Foe symmetry of form, varied and interesting aspect of tree at different seasons of the year, for density of foliage, for beauty in the expansion of its buds in early spring, and in the many colored hues of its autumnal foliage, we have no native forest-tree that can compare with the Maple (Acer) family. We like the sober, gray look of its trunk and branches, even when entirely defoliated.

The Maple is nearly as useful to man as the plant of the sugar-cane, and an nually produces, in this country, large amounts of sugar, much superior in flavor to that manufactured from the juice of the cane. The aborigines of the country understood its manufacture long before the tending of the Pilgrims, and the manufacture of sugar from the Maple is now extensively practised by the Chippewa Indians, in all their primeval style. It is usually made to barter with the whites of the frontier forts and stations, and finds a ready market at the confectioners, to be made up into toothsome preparations.

The Sugar Maple (A. saccharinum) is the only variety of Maple which is used for this purpose. This variety is the loftiest growing of the Maple family, and is found in this country, from Maine to Georgia; there are two varieties of this: one called Black Maple (A. nigrum), which is smaller in size, reaching only a size of fifty feet; while the other variety grows to the height of eighty to one hundred feet. The Acer family, like the Quercus or Oak, is very numerous, numbering some seventeen varieties, and about forty sub-varieties.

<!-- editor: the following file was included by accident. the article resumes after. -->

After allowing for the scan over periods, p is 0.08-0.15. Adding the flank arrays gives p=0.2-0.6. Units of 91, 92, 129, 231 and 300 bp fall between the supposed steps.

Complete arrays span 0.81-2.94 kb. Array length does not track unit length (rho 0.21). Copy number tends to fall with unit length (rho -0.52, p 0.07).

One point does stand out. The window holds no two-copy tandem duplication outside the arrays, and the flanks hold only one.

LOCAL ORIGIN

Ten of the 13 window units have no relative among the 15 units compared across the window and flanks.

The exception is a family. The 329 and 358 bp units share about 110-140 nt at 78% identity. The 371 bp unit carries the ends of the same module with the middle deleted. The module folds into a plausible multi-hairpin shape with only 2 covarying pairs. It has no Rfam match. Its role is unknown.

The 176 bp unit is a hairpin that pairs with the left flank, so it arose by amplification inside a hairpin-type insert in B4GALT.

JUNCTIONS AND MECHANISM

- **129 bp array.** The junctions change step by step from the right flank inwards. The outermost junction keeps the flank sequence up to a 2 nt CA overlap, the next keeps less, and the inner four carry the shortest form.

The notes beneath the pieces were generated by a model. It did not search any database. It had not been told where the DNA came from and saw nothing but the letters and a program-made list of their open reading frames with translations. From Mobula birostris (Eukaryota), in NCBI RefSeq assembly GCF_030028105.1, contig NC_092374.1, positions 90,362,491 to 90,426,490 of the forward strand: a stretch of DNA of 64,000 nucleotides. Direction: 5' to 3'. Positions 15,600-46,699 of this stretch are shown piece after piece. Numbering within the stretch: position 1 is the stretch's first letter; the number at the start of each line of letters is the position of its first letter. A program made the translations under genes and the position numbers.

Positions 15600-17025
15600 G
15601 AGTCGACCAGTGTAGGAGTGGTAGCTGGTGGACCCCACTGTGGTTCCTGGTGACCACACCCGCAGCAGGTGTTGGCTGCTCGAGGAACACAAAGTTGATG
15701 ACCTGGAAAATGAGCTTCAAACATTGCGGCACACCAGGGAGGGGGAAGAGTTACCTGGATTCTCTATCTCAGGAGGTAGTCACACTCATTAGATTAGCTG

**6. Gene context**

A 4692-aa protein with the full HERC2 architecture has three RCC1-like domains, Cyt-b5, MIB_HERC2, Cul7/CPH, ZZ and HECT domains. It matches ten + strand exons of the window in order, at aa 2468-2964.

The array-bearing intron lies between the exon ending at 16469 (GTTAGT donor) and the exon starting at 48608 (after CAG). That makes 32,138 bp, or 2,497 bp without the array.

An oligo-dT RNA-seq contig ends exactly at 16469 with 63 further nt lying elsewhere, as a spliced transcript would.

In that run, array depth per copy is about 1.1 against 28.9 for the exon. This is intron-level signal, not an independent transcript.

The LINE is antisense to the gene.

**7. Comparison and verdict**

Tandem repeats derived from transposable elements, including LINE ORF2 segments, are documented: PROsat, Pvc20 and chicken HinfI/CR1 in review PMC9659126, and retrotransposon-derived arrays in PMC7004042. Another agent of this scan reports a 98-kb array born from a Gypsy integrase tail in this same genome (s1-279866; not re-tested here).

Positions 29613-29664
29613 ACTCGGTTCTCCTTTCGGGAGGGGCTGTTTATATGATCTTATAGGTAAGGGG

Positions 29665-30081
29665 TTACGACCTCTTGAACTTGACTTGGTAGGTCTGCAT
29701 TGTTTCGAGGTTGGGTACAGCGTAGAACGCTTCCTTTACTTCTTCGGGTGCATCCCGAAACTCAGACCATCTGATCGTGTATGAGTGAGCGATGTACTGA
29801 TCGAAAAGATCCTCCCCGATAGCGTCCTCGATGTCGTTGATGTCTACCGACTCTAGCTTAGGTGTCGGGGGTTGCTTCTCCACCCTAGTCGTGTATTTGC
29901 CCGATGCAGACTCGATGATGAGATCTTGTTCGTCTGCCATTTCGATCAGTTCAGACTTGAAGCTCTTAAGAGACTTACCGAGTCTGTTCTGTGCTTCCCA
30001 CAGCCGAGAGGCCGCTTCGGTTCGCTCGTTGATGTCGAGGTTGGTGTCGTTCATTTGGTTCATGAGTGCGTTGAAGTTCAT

The principal varieties of the Maple which can be cultivated for ornament, shade, avenues, grouping, Ac, are the (Acer rubrum) Red-twigged Maple, the Spike-flowered Maple (A. spicatum), the Striped-barked Maple (A. striatum), the Norway Maple (A. Platanus), the Sycamore Maple (A. Pseudo-Platanus).

The latter is undoubtedly one of the most ornamental of the whole variety of Maples. The longevity of the tree is from one hundred and fifty to two hundred years. As an ornamental tree, it may be planted in groups or avenues, but produces the best effect when planted singly, so as not to touch any other tree; the variety with variegated leaves is the most ornamental.

Nearly all the varieties of the Maple are rapid growing trees, forming dense, regular, and symmetrical heads, almost impervious to the rays of the sun.

Public opinion is much in favor of planting this tree as a park and street tree (also for avenues), from the fact that they are almost entirely free from caterpillars, worms, and all kinds of insects, retaining their foliage until quite late in autumn. I prefer Maples, as street trees, to elms or horse chestnuts.

I have seen villages and small cities, in Central and Western New York, whose street trees, in point of beauty of tree, density of foliage, and comfort of shade, will compare with many of the older settled villages of the East Although they may not have the enormous size and venerable appearance of the American elms (Ulmus Americana) to be seen in Northampton, Greenfield, and Deerfield, Mass., yet they present a more varied, and, in the autumn, a more pleasing sight to the eye, covered as they are with their yellow and scarlet frost-tinted foliage. And when they shall have attained the gigantic size of their more favored brethren, they will attract the same notice and attention.